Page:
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Residents pitch traffic proposal

Residents in Culpeper’s Madison Grove subdivision believe they have come up with a plan to help curb cut-through traffic in their residential neighborhood.

“We’re trying to solve a very serious problem,” community spokesman Rick Fields told the Town Council Tuesday night.

The Madison Grove solution would make Burgandine Avenue a one-way street (going east) all the way through the subdivision, from Ira Hoffman Lane to Bradford Road.

It would also prohibit motorists from turning right onto Montanus Drive, which leads to Lowe’s and two busy shopping centers.

“We’re not blocking off the street,” said Fields. “We’re just taking small measures to try to get motorists to use James Madison Highway and slow the flow of traffic in our community.”

When originally built, Burgandine Avenue was designated in Culpeper County’s Comprehensive Plan as the first leg of a road that would parallel James Madison Highway from Ira Hoffman Lane to Inlet, three miles away.

Most residents who bought in Madison Grove didn’t know that and as commercial development in the area grew, so did the subdivision’s traffic problems. More and more motorists found that they could take this shortcut and avoid two stoplights.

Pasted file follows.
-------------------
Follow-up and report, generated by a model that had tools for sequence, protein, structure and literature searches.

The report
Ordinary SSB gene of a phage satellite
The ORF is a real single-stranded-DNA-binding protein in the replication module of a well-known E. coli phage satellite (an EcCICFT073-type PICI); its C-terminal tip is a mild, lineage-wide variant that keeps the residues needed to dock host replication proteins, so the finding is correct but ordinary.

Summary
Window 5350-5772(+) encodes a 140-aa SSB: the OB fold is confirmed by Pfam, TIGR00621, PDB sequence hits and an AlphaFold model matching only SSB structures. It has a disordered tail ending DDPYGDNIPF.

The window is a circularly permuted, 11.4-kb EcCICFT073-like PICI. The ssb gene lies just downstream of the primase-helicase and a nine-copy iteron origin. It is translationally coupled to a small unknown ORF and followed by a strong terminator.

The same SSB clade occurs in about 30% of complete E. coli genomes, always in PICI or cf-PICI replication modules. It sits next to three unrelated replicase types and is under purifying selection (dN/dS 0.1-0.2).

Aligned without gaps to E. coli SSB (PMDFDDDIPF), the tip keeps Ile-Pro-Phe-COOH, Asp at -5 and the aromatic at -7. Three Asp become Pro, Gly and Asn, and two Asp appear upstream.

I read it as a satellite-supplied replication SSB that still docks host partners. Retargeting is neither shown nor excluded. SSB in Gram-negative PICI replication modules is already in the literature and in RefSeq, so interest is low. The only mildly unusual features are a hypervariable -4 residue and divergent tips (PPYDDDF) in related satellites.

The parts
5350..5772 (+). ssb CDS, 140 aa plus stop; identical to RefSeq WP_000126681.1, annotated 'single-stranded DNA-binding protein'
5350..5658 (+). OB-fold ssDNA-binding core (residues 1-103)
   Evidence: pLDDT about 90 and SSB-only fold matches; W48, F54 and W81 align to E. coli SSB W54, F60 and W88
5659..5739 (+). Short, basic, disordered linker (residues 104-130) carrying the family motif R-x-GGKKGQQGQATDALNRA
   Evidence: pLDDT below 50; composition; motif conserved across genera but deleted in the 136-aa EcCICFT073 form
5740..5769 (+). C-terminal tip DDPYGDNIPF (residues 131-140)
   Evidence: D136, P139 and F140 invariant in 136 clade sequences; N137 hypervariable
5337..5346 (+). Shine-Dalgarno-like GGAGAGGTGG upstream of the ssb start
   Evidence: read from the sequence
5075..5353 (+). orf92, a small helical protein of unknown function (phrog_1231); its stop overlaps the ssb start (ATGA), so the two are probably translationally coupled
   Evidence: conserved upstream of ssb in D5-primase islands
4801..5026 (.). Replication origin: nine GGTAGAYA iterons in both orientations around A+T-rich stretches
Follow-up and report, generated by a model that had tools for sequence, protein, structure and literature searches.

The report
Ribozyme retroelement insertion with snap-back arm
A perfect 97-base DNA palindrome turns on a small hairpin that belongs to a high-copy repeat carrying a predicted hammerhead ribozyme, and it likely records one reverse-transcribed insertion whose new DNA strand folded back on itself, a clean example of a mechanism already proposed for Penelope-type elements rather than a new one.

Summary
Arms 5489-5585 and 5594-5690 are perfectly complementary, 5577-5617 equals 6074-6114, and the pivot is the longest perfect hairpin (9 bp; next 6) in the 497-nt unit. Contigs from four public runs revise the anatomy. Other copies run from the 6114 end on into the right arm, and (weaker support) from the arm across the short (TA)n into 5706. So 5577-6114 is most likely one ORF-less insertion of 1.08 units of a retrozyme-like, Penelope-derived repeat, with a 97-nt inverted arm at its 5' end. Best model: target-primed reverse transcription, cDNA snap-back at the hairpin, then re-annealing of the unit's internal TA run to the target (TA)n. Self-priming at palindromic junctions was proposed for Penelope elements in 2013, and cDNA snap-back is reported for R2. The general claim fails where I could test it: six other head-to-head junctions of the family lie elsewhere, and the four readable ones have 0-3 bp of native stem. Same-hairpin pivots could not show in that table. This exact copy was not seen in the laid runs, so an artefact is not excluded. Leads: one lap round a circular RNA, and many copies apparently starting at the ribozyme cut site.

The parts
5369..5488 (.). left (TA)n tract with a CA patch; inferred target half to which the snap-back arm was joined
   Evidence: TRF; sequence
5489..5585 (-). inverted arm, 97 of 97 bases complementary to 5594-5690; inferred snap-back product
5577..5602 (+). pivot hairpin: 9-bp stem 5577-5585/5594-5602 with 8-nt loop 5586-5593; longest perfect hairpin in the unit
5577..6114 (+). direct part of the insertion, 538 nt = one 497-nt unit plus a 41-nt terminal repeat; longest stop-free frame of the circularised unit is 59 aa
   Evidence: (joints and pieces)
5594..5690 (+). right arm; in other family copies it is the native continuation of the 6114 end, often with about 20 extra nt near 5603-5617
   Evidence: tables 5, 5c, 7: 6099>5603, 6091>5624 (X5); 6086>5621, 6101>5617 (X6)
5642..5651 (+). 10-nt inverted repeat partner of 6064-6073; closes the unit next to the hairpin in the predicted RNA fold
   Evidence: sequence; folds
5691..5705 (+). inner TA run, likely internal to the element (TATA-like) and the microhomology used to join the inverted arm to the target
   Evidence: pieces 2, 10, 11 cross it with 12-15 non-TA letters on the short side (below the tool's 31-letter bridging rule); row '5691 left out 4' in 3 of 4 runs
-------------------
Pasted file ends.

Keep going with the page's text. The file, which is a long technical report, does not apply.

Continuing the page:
On July 1 the neighborhood became part of the town, which gave Madison Grove new hope. Within weeks the Montanus–Burgandine intersection was made a four-way stop. Traffic slowed but the volume didn’t decrease. So, residents came up with their own plan.

Fields said that town public works director Jim Hoy and police Chief Chris Jenkins are on board with the first two remedies but he hopes they will endorse two more—a bike lane and on-street parking. Both, residents hope, will slow traffic even more.

“We’d also like a no-truck sign,” Fields said. “We have 18-wheelers going through there.”

Fields presented Mayor Chip Coleman with a neighborhood petition asking that their remedy be given a try.

“We’ll check back in about 90 days to report on how things are going,” Fields said, adding that his community has been seeking a traffic solution for five years.

In other action last night the Town Council adopted a resolution asking that the federal government not be shut down again.

“I’m not really sure what this resolution says,” said Councilman Dan Boring, who cast the only vote against it. “I think it is about 50 days too late.”

“I don’t think one more letter [to federal elected officials] could hurt,” said Councilman Dave Lochridge. “People are concerned.”

Donnie Johnston:


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